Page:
On 5 December 2015 a Facebook user published the above-reproduced status update, claiming lawyers for deceased San Bernardino mass shooting suspect Tashfeen Malik had requested that her face not be shown media reports out of respect to her religious beliefs.
The poster encouraged others to share both the photo and the claim, asserting that:
Her lawyers have requested that Tashfeen Malik not be shown without her face covered because it would be disrespectful to her and Islam. Here is the face of the evil swine. Please share repeatedly!! Flood facebook to show our respect for this TRASH.
The uncited claim was somewhat unusual, as Malik had died in the hours after the shooting in which she took part. The deceased are occasionally represented by lawyers for matters pertaining to their estates, but it didn’t seem plausible any such legal representative would advocate for the redaction of images of her face in media reports presented after her death.
A 4 December 2015 New York Times article identified two lawyers representing the Farook family (presumably on a number of issues related to the shooting). In that article, neither lawyer mentioned photographs of Malik’s face nor described the use of such images as “offensive” or “disrespectful to her and Islam.” However, a portion of that article might have inadvertently spawned the rumor:
In a news conference, two lawyers for the Farook family said the couple’s family were shocked by the massacre. One of the lawyers, David Chesley, also questioned whether the Facebook post was actually by Ms. Malik.
Mr. Chesley added that just before the massacre, Mr. Farook told his mother that he was taking Ms. Malik to the doctor and then left their 6-month-old daughter in her care. The mother has been interviewed by investigators for seven hours, the lawyer said. And the baby is with child protective services.
A second lawyer, Mohammad Abuershaid, described Ms. Malik as a “caring” and “soft-spoken” housewife who spoke Urdu and broken English. She prayed five times a day, he said, and did not drive. He added that male relatives of Mr. Farook had never seen her face because she always kept it covered in their presence.
By that account, Malik indeed typically kept her face covered for religious reasons. However, we were unable to locate any quoted material (either in the Times or elsewhere) in which either lawyer requested that Malik’s face not be shown in the media in deference to her religious devotion.
A related iteration of the rumor attributed non-existent offense over the publication of images of Malik’s face to MSNBC host Melissa Harris-Perry. On 7 December 2015, the conspiracy-oriented web site InfoWars published an article that claimed:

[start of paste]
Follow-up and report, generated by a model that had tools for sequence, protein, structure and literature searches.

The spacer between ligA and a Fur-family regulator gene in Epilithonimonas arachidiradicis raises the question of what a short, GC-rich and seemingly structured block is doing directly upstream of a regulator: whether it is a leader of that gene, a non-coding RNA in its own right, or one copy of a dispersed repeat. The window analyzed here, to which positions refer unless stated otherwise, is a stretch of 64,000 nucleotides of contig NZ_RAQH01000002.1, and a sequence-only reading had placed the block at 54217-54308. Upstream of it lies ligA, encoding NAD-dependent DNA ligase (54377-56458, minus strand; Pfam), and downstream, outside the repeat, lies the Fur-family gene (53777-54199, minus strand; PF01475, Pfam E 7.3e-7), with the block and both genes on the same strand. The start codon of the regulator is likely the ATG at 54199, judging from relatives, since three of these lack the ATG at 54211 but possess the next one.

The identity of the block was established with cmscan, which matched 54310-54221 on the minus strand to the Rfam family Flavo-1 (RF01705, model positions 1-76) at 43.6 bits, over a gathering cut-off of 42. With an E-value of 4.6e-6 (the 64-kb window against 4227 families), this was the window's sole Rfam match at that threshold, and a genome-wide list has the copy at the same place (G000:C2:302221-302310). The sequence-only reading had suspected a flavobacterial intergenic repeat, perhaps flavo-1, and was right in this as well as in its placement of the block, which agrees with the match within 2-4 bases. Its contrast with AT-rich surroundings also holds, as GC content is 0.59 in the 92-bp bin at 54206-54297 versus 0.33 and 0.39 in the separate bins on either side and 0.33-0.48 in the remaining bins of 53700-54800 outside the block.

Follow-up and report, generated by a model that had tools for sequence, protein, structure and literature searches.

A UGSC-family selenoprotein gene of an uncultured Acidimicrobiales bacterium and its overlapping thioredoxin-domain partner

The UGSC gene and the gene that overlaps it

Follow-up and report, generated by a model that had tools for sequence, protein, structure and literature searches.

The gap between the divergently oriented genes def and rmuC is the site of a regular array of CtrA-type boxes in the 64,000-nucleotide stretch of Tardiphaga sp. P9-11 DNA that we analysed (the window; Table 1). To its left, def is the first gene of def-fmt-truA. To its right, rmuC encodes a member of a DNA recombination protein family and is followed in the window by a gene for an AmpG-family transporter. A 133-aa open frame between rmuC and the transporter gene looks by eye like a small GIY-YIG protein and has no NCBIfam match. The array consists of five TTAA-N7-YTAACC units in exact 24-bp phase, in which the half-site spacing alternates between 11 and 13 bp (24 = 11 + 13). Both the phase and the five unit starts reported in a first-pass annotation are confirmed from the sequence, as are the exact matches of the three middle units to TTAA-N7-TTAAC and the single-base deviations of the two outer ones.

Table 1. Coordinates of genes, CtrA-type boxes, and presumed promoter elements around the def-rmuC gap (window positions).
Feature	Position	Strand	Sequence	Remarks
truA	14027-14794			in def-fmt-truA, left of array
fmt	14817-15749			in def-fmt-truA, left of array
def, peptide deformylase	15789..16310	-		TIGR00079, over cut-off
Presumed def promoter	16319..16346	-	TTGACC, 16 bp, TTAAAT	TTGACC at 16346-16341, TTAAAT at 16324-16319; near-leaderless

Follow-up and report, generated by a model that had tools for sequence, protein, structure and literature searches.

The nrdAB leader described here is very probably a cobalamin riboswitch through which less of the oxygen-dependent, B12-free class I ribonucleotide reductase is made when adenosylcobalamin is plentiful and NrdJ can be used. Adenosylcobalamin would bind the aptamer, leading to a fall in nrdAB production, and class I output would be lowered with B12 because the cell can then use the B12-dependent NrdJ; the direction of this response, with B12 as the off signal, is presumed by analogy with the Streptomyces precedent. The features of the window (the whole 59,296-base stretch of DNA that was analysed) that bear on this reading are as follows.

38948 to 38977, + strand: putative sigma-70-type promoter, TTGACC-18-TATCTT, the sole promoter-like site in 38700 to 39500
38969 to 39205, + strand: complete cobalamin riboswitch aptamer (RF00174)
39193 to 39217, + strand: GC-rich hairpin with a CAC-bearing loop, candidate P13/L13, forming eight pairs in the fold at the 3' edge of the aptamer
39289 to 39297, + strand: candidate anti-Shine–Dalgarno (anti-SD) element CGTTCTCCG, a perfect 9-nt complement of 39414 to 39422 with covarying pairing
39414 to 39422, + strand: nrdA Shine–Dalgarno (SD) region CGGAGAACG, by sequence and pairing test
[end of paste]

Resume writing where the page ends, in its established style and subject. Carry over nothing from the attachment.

MSNBC host Melissa Harris-Perry was furious at the New York Times’ decision to publish a photograph of San Bernardino terrorist Tashfeen Malik, fearing that the image could offend Muslims.
Immediately underneath the assertion, the site embedded a video which did not include Harris-Perry making any such statement:
In the clip, Harris-Perry interviewed Linda Sarsour, executive director of the Arab Association of New York, who expressed frustration at the inclusion of images of standard Islamic items (such as a Qu’ran) in the Times‘ coverage. Harris-Perry then pointed to an adjacent photograph of Malik and asserted that the paper had juxtaposed her picture with one of Islamic religious objects.
However, Harris-Perry did not criticize the paper for publishing a photograph of Malik’s face, nor did she suggest, insinuate, hint, or claim that the use of the photograph constituted an offense to Islam by merit of the fact that Malik’s face was uncovered. The MSNBC host simply opined that the side-by-side images together created the impression that Islam was indistinguishable from terrorism. Harris-Perry’s specific comment clearly did not indicate that the sight of Malik’s uncovered face “could offend Muslims”:
I mean that image [of Malik’s religious items], and then also right next to it an image of the shooting suspect there in hijab. And the idea of this is what terrorism looks like — for me that is a difference … this happens only for a specific community.
While Tashfeen Malik was apparently in the habit of covering her face, it’s not true that lawyers representing her in death requested images of her face not be published. Moreover, Melissa Harris-Perry was not “outraged” that the New York Times “insulted Muslims” by publishing a photograph of Malik’s face.